Week in Review for 12/16/13 through 12/20/13

Concealed Carry
New Illinois State Police website for concealed carry pre-applicants and applicants.  Pre-applicants for a firearms concealed carry license (CCL) are invited to visit a new website, https://ccl4illinois.com/ccw/public/home.aspx, to establish their digital password ID and learn about the segments of their application they will be requested to fill out, including a strong suggestion that they submit fingerprints to speed up their background check.  The CCL applications themselves will become available to the general public no later than Sunday, January 5, 2014.  The State Police requests that e-applicants pay $150 with their applications, in addition to the costs to the applicant for pre-licensure training and fingerprinting services.

The website will walk gun owners through the application requirements.  The application to the State Police must be done electronically and online, with the help of a digital password ID that the applicant will submit in Stage 1 (the “Checklist”) of the application process and then use for the application itself.  Fingerprints may be submitted electronically through a variety of means, including licensed, private-sector LiveScan fingerprint submission offices (a statewide list of these vendors can be found here: http://www.isp.state.il.us/docs/livescanfpvendlst.pdf).

The State Police expects to receive approximately 400,000 electronic CCL applications.  As a result, they have stated they are not currently in a position to mail out, or accept, paper applications for concealed carry licenses.  In a public session of the Joint Committee on Administrative Rules (JCAR), Deputy Republican Leader David Leitch asked the law enforcement agency to continue to work on an alternate pathway for Illinois residents to apply on paper for CCL status.  In response to this request, the State Police pledged to make a pathway for paper applicants available no later than July 2014.

Budget – Medicaid
Deputy Republican Leader Patti Bellock calls for immediate resumption of stalled Redetermination Project.  Implementation of this reform, key to meeting the State’s future Medicaid budgets, came to a complete halt in December 2013 as the Governor moved key Project database work into union hands.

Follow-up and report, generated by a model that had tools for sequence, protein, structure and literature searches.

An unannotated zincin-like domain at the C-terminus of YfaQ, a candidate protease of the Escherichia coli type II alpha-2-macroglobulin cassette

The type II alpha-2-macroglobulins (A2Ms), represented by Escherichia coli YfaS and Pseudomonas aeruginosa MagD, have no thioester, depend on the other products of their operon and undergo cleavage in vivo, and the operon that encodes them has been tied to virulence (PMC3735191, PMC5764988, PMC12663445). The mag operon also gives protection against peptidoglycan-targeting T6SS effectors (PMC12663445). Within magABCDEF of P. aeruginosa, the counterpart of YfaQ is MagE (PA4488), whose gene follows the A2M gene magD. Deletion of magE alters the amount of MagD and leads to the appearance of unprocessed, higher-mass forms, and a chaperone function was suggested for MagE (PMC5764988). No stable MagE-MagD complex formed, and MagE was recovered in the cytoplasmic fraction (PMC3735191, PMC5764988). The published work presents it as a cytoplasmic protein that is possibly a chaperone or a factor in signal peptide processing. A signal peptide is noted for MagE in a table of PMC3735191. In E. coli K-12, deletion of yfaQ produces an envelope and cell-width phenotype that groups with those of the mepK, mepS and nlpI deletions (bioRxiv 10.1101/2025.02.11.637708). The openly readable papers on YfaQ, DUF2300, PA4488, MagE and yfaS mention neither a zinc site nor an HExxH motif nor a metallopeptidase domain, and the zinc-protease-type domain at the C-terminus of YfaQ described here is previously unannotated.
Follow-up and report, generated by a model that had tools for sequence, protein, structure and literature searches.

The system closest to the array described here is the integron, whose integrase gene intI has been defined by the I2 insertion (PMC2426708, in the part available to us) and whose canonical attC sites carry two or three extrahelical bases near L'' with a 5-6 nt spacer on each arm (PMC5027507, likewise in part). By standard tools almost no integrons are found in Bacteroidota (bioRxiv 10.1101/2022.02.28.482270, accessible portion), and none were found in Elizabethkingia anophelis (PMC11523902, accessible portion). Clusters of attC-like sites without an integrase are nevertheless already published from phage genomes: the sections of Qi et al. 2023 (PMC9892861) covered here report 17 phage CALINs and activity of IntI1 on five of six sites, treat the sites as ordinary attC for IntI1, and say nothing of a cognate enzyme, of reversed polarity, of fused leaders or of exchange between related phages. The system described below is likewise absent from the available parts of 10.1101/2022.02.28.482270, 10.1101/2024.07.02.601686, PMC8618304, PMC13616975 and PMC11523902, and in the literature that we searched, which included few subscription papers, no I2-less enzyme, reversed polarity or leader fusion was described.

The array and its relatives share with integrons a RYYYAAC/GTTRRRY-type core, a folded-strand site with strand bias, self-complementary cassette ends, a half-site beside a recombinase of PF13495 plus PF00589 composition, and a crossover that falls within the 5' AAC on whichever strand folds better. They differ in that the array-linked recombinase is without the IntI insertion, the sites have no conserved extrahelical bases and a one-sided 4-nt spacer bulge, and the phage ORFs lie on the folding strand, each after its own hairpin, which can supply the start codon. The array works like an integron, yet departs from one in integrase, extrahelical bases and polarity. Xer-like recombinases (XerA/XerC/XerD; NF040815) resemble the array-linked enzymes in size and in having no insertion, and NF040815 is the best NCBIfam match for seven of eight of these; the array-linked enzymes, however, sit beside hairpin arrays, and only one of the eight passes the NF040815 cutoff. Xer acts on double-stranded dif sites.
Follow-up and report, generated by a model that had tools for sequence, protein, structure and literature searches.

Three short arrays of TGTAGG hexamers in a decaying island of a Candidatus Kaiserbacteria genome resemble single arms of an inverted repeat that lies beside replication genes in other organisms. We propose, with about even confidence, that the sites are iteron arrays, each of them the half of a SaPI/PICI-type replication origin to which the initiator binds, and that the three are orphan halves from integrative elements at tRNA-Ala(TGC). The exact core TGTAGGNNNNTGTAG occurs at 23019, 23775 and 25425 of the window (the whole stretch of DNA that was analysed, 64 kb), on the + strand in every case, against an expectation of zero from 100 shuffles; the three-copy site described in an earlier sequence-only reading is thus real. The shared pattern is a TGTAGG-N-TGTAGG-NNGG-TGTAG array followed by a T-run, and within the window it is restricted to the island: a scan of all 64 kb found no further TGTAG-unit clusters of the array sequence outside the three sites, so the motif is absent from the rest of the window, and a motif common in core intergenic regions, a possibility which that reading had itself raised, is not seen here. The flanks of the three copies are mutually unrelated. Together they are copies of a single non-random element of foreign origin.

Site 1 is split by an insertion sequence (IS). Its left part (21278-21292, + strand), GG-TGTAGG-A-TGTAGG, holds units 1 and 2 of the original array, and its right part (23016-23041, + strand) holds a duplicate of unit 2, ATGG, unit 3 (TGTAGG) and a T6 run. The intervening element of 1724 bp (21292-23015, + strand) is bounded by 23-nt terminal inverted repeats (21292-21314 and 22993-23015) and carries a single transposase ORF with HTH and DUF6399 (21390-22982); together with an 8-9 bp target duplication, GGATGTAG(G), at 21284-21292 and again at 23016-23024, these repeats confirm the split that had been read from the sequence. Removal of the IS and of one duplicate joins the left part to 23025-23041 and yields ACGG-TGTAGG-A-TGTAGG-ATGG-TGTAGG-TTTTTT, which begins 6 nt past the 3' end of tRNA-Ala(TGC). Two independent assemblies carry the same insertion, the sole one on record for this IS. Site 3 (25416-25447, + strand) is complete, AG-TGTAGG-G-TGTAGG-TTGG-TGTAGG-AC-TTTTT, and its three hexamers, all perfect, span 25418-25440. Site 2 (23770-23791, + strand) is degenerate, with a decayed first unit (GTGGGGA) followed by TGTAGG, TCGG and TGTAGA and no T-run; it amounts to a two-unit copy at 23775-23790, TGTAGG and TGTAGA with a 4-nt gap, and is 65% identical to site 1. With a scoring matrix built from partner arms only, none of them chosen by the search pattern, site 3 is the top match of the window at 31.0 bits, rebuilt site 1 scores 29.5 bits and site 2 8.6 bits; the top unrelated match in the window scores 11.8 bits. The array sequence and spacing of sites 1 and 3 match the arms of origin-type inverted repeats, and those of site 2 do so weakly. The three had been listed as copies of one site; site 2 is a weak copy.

The fast-growing  family of programs that make up Illinois Medicaid are responsible for paying medical bills for approximately 2.8 million Illinois residents who have qualified for Medicaid through as variety of pathways, including the new federal Affordable Care Act (“Obamacare”).  The State’s overall budgets, including the FY14 budget currently being spent in Springfield, have been negatively affected by the increases in medical costs incurred by these patients.

In an effort to reduce these rates of expenditure growth and budgetary pressure, House and Senate Republicans have taken the lead in enacting statutory language to implement the Redetermination Project, a long-term solution intended to scrutinize these 2.8 million residents to re-verify their household’s eligibility for Medicaid status.  Current practice does not provide a practical pathway for this scrutiny, and initial Redetermination Project works, begun earlier in 2013 by a private-sector contractor, have uncovered approximately 127,000 potentially ineligible Illinois cases, representing approximately 216,000 individual Illinois residents.   Continuing this scrutiny would have enabled significant savings for Illinois taxpayers.

The scrutiny of Illinois’ Medicaid patient database by Maximus Inc. stopped abruptly in June 2013 after a public-sector union launched a legal effort to persuade an arbitrator that privatization of this key project was a violation of current State labor-management contracts.   The Governor’s office has announced that they are now moving this work away from Maximus and into offices that have been organized by the public-sector union AFSCME, in line with the arbitrator’s decision but not in accordance with the timetable set forth in the FY14 budget that had been signed by the Governor.  The AFSCME/gubernatorial settlement was finalized by a supplemental order signed by the arbitrator on Tuesday, December 17.